Tuesday is National Online Learning Day. To ring in the holiday, we’ve crafted a guide to help students of all ages stay safe online and protect the home network in the virtual classroom.
Since the onset of COVID-19, online learning has been transformed into a standard part of the school day for students and teachers around the globe. While virtual learning may help schools safely continue operations during the coronavirus pandemic, the framework does pose new cybersecurity risks as students and teachers log into the virtual classroom. Tuesday is National Online Learning Day, and to mark the occasion, we’ve highlighted a roundup of cybersecurity best practices as schools use a combination of hybrid and in-person learning in the months ahead.
“The reality is that [National Online Learning Day] has taken on a far greater significance in the past 18 months since the world began dealing with the effects of the COVID-19 pandemic,” said Mathew Newfield, CISO at Unisys. “While the hybrid or virtual model for schooling remains a reality for many families, either by choice or by circumstance, it also brings with it expanded cybersecurity risks, both for our nation’s children and their family members who are working from home.”
During the coronavirus pandemic, many remote workers have also served as caregivers for other members of their households, including students learning online due to COVID-19. While juggling remote work responsibilities or as workers return to the office, it’s not always possible for adults to oversee their child’s online learning or web surfing behaviors. Situationally, Newfield suggested parents seek software support.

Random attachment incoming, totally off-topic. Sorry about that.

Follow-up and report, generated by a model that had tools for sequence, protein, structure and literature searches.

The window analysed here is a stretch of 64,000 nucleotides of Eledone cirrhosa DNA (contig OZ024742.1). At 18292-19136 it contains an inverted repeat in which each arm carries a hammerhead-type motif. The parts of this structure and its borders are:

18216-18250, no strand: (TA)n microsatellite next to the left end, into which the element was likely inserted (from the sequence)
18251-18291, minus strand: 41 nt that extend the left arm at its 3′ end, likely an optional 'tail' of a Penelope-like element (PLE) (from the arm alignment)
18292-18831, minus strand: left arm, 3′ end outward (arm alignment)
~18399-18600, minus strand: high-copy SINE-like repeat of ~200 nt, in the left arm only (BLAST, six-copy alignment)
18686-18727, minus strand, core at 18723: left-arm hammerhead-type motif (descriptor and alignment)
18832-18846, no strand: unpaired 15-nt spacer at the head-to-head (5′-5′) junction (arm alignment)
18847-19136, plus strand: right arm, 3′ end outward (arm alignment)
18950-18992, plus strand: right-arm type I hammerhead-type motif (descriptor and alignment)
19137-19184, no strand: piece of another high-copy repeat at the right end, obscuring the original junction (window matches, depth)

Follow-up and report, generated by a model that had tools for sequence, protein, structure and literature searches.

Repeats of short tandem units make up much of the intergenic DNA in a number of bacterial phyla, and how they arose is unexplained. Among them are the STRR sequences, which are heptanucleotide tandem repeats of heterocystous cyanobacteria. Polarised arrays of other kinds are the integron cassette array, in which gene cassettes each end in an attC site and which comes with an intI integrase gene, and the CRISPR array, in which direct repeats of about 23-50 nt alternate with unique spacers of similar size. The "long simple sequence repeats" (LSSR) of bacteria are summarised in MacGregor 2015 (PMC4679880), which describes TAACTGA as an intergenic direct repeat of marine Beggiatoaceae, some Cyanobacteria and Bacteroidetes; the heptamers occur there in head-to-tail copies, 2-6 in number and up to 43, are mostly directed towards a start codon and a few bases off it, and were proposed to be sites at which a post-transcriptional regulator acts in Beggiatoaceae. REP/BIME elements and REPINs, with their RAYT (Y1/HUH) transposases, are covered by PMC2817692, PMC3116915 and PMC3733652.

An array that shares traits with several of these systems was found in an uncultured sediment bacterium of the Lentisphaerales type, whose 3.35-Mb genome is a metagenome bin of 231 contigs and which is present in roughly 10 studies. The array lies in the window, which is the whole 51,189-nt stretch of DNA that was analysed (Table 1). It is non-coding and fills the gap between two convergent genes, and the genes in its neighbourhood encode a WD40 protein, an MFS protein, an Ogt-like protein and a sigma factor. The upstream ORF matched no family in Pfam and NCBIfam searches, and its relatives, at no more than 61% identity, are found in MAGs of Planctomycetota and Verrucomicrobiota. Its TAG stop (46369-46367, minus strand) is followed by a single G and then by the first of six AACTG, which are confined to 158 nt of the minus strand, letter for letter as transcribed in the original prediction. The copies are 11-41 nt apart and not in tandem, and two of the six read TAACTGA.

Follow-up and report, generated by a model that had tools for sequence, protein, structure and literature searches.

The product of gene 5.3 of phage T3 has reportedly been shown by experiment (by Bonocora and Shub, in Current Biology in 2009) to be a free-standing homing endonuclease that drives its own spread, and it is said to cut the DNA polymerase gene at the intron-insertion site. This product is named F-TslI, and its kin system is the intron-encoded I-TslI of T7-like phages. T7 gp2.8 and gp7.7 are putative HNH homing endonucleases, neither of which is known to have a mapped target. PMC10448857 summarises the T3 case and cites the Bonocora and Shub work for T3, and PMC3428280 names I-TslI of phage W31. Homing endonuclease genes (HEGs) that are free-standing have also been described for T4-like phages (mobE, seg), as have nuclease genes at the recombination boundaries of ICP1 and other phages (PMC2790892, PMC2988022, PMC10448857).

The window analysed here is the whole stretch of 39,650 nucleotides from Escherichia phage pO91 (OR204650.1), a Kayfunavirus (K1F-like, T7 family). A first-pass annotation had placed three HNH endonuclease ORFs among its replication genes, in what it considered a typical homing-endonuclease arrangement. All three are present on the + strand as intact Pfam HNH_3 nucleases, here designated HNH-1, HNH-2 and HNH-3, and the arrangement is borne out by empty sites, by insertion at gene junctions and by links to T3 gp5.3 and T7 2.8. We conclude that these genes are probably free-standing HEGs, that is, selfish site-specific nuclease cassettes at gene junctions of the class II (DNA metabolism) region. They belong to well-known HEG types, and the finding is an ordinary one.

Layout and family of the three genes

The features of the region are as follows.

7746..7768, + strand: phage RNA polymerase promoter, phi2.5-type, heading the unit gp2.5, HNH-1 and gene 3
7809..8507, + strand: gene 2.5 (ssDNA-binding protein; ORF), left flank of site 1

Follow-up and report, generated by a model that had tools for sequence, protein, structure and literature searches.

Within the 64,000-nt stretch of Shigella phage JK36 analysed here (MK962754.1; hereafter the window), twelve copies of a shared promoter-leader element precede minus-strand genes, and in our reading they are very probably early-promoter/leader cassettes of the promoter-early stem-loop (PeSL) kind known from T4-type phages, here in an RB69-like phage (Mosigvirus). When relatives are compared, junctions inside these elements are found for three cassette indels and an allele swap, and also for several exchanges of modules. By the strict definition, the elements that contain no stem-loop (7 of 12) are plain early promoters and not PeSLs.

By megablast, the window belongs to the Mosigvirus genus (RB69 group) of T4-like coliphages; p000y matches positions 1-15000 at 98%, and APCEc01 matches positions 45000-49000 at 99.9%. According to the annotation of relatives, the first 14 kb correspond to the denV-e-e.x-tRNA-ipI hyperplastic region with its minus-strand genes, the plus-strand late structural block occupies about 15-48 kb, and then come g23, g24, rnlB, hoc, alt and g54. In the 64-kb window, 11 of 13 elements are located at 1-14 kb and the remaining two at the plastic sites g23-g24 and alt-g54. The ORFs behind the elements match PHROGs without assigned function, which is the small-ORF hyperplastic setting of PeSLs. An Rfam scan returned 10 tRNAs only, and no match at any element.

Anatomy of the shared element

“If a parent is unable to fully supervise a child while they’re doing school work, there is ‘nanny software’ that people can invest in that helps monitor what their families are doing,” he said. “This software can be used as a lesson to teach kids what websites are or are not appropriate as well as provide a regular report on a child’s online activity.”
Additionally, Newfield said students should verify all of their hyperlinks by looking at the URL domain and use search engines to independently verify links if they have any doubts. Students can also use their mouse arrow to scroll and hover over links before clicking to make sure this link is taking them to the appropriate webpage, he said.
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Enabling network security has been a primary focus for organizations shifting to remote operations, as students and employees log into the virtual classroom on their home networks via a mixed bag of personal and school-provided devices. On this topic, Newfield recommended households secure their hardware using patching, latest firmware updates and learning about model-specific security risks to protect their devices and home network.
Additionally, he emphasized the importance of changing default passwords and using the standard best practices (a mix of upper- and lower-case characters as well as numbers and special characters) when updating these passwords.
“The basics of password management and proper cybersecurity hygiene should ideally extend beyond the home and into the classroom,” said Katie Petrillo, director of product marketing for LastPass. “Children should be taught that while the internet is an accessible and useful tool, there are many potential dangers.”